Yang I, Woo J, Kim S, Kim J, Kim Y, Choi Y. Combined pyridostigmine–thyrotrophin-releasing hormone test for the evaluation of hypothalamic somatostatinergic activity in healthy normal men. Eur J Endocrinol 1995;133:457–62. ISSN 0804–4643
Pyridostigmine (PST), a cholinesterase inhibitor, induces a clear growth hormone (GH) release in man by suppression of hypothalamic somatostatin (SRIH). Somatostatin suppresses thyrotrophin (TSH) release in rats and men. Earlier studies showed that the thryotrophin-releasing hormone (TRH)-induced TSH response was not altered by 60–120 mg of PST. We studied whether a larger dose (180 mg) of PST can increase the TSH response to TRH. Six healthy young men were studied with the following six tests: (Test 1) 200 μg of TRH iv; (Test 2) 180 mg of PST po; (Test 3) three different doses of PST (60, 120, 180 mg) + TRH; (Test 4) 100 μg of octreotide (SMS) iv; (Test 5) SMS + TRH; (Test 6) PST + SMS + TRH. A large dose of PST (180 mg) significantly augmented GH, TSH and prolactin responses to TRH, while smaller doses of PST (60 and 120 mg) did not significantly increase the responses of GH and TSH. While the increased TRH-induced prolactin response by PST was not suppressed by SMS, the increased responses of GH and TSH were suppressed remarkably by SMS. Most of the subjects noticed a mild to moderate abdominal pain, nausea and muscular fasciculation after the administration of a large dose of PST administration. These data suggest that suppression of hypothalamic SRIH secretion by 180 mg of PST can augment the TSH response to TRH. However, the considerable side effects should be minimized before clinical application of the combined PST–TRH test.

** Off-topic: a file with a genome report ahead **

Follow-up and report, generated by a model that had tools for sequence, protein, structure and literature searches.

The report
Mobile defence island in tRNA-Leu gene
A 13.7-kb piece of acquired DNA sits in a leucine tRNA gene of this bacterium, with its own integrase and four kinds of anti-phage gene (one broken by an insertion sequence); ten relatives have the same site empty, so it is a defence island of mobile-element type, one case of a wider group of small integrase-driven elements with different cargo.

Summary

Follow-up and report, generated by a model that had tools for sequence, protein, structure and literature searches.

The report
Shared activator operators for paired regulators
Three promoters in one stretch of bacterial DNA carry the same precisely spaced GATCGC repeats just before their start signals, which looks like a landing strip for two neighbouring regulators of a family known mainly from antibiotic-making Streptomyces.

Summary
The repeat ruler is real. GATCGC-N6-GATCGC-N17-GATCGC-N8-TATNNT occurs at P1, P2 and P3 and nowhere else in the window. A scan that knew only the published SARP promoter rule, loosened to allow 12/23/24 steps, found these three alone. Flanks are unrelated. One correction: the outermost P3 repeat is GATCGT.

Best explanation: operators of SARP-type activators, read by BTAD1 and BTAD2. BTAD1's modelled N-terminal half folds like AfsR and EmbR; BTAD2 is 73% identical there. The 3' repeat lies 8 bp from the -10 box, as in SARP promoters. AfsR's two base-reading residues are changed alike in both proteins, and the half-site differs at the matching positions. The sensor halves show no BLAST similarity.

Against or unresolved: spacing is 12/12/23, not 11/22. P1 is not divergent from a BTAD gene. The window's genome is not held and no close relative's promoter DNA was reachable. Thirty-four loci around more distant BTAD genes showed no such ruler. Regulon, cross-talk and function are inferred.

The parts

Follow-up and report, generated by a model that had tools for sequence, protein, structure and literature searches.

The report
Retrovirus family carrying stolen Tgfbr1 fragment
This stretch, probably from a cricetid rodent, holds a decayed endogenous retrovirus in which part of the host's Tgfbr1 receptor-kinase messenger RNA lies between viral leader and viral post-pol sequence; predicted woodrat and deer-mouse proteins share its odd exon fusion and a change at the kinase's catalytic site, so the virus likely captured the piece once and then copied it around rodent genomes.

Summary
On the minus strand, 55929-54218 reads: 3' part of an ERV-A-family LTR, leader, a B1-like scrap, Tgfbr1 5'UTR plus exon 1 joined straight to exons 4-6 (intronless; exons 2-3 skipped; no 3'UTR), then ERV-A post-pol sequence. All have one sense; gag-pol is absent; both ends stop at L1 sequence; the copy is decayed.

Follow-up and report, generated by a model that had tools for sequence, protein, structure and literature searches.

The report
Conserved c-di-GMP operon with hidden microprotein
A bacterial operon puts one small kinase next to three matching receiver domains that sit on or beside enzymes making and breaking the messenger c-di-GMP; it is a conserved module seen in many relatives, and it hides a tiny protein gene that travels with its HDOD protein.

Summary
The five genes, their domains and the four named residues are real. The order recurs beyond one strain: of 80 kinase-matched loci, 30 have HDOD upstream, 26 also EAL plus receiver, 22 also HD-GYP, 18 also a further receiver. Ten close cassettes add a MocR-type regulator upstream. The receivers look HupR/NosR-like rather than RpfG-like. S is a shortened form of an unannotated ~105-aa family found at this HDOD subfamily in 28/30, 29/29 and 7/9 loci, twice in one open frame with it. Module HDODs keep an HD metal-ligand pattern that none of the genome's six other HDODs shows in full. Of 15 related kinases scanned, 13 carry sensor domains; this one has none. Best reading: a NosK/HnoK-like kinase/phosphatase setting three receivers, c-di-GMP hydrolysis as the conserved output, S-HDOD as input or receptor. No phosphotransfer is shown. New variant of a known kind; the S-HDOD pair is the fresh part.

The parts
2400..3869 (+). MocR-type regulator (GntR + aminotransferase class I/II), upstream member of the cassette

Inmyung Yang, Division of Endocrinology, Department of Internal Medicine, Kyunghee University School of Medicine, 1 Hoiki-dong, Dongdaemoon-ku, Seoul, 130–702, Korea